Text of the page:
“The Prophet Russell Coming Out at the Little End of the Horn”

April 12, 1862

artist unknown

“The Prophet Russell Coming Out at the Little End of the Horn”

Anglo-American Relations; Civil War, Press Coverage; Journalists/Journalism; Wars, American Civil War;

No 'People' indexed for this cartoon.

Great Britain;

No caption

This unsigned Harper's Weekly cartoon contrasts the opinions of William Howard Russell, war correspondent for the London Times, upon entering and leaving the United States.

Born and educated in Ireland but thoroughly Anglicized, Russell joined the staff of the London Times in 1843 and became the world's first war correspondent when he covered the Crimean War (1853-1856).  He added to his experience and fame by reporting the Indian (Sepoy) Mutiny of 1858, the American Civil War (1861-1862), and later, the Austro-Prussian War (1866), the Franco-Prussian War (1870-1871), and the Zulu War (1879).

When an armed conflict between the free North and slave South seemed likely in early 1861, London Times editor John Delane shipped Russell off to America.  He arrived on March 16 as a celebrity journalist whose influence was sought by Unionists and Confederates.  The initial reaction of Americans to Russell is reflected in right-side caption of the cartoon, "By George!! they treat a fellow like a prince in this Yankeeland! you know." 

Although his editor believed that Southern independence was inevitable, Russell had an aversion to slavery and, at a St. Patrick's Day dinner in New York City, urged the preservation of the Union.  Contrary to most of his British or American contemporaries, Russell understood that if a civil war began, it would be a lengthy bloodbath.  New Yorkers were not pleased with his first letter published in the London Times which essentially accused them of being oblivious to the impending crisis.

Russell journeyed to Washington, D. C., as tensions mounted over the Confederate threat to Fort Sumter, off the coast of Charleston, South Carolina.  On his first night in the capital, he dined with Secretary of State William Seward, who desired to use the journalist to convince Britain and France not to recognize the Confederacy.  The next day, Seward introduced Russell to President Abraham Lincoln, who described the London Times as the world's second most powerful force, behind the Mississippi River.  While staying at the Willard Hotel, Russell also met with Confederate sympathizers who emphasized the irreconcilable differences between the regions.

On April 13, Russell headed for the South as the Confederates fired on Fort Sumter.  From Norfolk, Virginia, he traveled by train through North Carolina to Charleston, then on to the temporary Confederate capital of Montgomery, Alabama, where he met President Jefferson Davis.  In his published reports, Russell despaired that the Southern hatred of the North was so great as to make reunion impossible.  The Confederates were surprised by his strange suggestion that they become British subjects, but they were infuriated by his critical descriptions of slavery.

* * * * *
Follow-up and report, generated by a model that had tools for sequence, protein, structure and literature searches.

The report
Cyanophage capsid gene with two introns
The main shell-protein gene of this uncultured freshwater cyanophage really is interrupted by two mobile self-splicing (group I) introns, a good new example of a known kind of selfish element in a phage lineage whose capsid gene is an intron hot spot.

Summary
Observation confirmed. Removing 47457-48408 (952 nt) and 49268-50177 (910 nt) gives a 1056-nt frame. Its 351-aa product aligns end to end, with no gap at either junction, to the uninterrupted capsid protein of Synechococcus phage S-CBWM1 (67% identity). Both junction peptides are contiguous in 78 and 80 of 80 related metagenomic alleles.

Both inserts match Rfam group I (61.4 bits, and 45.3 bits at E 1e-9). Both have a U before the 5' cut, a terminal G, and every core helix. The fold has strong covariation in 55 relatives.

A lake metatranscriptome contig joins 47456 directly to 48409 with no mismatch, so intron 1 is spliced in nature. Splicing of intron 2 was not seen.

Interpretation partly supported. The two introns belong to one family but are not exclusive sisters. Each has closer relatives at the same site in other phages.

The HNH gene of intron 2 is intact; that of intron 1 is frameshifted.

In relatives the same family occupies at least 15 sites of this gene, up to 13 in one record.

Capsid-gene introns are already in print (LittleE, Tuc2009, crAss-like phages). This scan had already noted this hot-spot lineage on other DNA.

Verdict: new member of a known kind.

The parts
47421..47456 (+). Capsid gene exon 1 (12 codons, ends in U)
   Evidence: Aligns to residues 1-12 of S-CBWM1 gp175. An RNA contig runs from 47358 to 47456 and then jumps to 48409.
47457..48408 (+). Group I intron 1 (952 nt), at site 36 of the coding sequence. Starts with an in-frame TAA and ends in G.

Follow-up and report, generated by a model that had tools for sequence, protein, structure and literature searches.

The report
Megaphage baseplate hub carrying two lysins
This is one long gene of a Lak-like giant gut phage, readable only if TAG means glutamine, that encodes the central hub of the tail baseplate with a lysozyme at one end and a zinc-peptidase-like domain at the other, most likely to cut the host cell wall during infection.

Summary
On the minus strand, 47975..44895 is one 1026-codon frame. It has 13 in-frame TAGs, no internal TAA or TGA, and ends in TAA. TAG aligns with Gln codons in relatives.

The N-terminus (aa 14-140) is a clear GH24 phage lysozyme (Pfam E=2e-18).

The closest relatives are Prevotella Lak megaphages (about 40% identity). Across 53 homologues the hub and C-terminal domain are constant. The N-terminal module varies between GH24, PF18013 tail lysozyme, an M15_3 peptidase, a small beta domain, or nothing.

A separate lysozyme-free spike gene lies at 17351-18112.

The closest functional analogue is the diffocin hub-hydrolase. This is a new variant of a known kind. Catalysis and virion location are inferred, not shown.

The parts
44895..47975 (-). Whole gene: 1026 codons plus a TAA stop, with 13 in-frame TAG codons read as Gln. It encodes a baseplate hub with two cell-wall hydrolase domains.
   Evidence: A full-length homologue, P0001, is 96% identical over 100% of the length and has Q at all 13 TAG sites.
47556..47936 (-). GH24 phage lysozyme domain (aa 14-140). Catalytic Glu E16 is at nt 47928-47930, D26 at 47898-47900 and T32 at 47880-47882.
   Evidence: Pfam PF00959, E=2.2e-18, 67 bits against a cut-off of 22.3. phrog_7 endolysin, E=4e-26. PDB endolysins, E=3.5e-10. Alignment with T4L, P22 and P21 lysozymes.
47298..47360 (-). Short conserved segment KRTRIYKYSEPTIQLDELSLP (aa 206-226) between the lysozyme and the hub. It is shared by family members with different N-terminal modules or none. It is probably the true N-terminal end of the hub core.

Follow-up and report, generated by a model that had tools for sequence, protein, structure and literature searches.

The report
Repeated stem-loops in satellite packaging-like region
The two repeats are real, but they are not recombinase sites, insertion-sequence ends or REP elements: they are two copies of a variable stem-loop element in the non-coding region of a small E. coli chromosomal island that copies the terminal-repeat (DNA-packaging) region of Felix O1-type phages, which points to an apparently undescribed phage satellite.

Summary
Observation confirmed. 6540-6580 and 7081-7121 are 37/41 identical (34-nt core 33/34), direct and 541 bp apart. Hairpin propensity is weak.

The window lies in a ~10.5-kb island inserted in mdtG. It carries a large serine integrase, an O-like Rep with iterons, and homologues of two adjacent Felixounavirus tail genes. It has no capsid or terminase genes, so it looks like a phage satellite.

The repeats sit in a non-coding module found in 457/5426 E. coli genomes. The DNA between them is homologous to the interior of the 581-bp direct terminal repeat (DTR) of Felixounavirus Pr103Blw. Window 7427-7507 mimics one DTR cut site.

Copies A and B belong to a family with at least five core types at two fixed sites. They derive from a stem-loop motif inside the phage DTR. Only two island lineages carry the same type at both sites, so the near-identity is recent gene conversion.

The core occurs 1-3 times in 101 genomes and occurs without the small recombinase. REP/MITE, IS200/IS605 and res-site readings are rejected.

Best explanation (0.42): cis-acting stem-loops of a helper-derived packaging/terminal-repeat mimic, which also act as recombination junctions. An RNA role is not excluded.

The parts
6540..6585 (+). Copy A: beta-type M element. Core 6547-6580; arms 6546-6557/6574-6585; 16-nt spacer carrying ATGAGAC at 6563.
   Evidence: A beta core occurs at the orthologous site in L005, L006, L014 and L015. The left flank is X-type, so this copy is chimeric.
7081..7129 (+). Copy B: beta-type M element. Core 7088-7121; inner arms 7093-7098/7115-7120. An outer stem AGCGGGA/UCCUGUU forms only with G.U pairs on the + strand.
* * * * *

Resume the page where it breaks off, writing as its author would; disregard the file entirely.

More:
By late June 1861, Russell had gauged the negative reaction of Americans to his London Times correspondence:  "I am told I am very unpopular with the North & in New York.  I can't help it.  I must write as I feel & see & I believe I may have the consolation accorded to the impartial of finding myself still more unpopular in the South."  

After traveling by steamboat up the Mississippi River, Russell took a train across the North, reporting on the deficient armaments and inferior physique of the Union volunteers compared to the swashbuckling Confederates.  He also lambasted the American press which he believed was responsible for the sectional conflict.  On July 21, 1861, Russell was late for the Battle of Bull Run (Manassas, Virginia) and missed most of the fighting.  That did not prevent him from filing a story on the "cowardly route" and "scandalous behavior" of the retreating Union troops.  His dispatch to the London Times provoked a firestorm of criticism in the Union press.

As his harsh depiction of slavery had made him persona non grata in the Confederacy, so after Bull Run Russell found his access to Union military and political figures closed.  He was subjected to harsh abuse in the American press, and his editors in London harped on his growing expense account.  Finally, on April 9, 1862 (a week after this cartoon appeared on April 2), he sailed for London.  The cartoonist demonstrates how the cigar-smoking, hard-drinking Russell (characteristics shared with most American reporters) had shrunk in stature during his American sojourn.

Robert C. Kennedy

“The Prophet Russell Coming Out at the Little End of the Horn”
July 14, 2024

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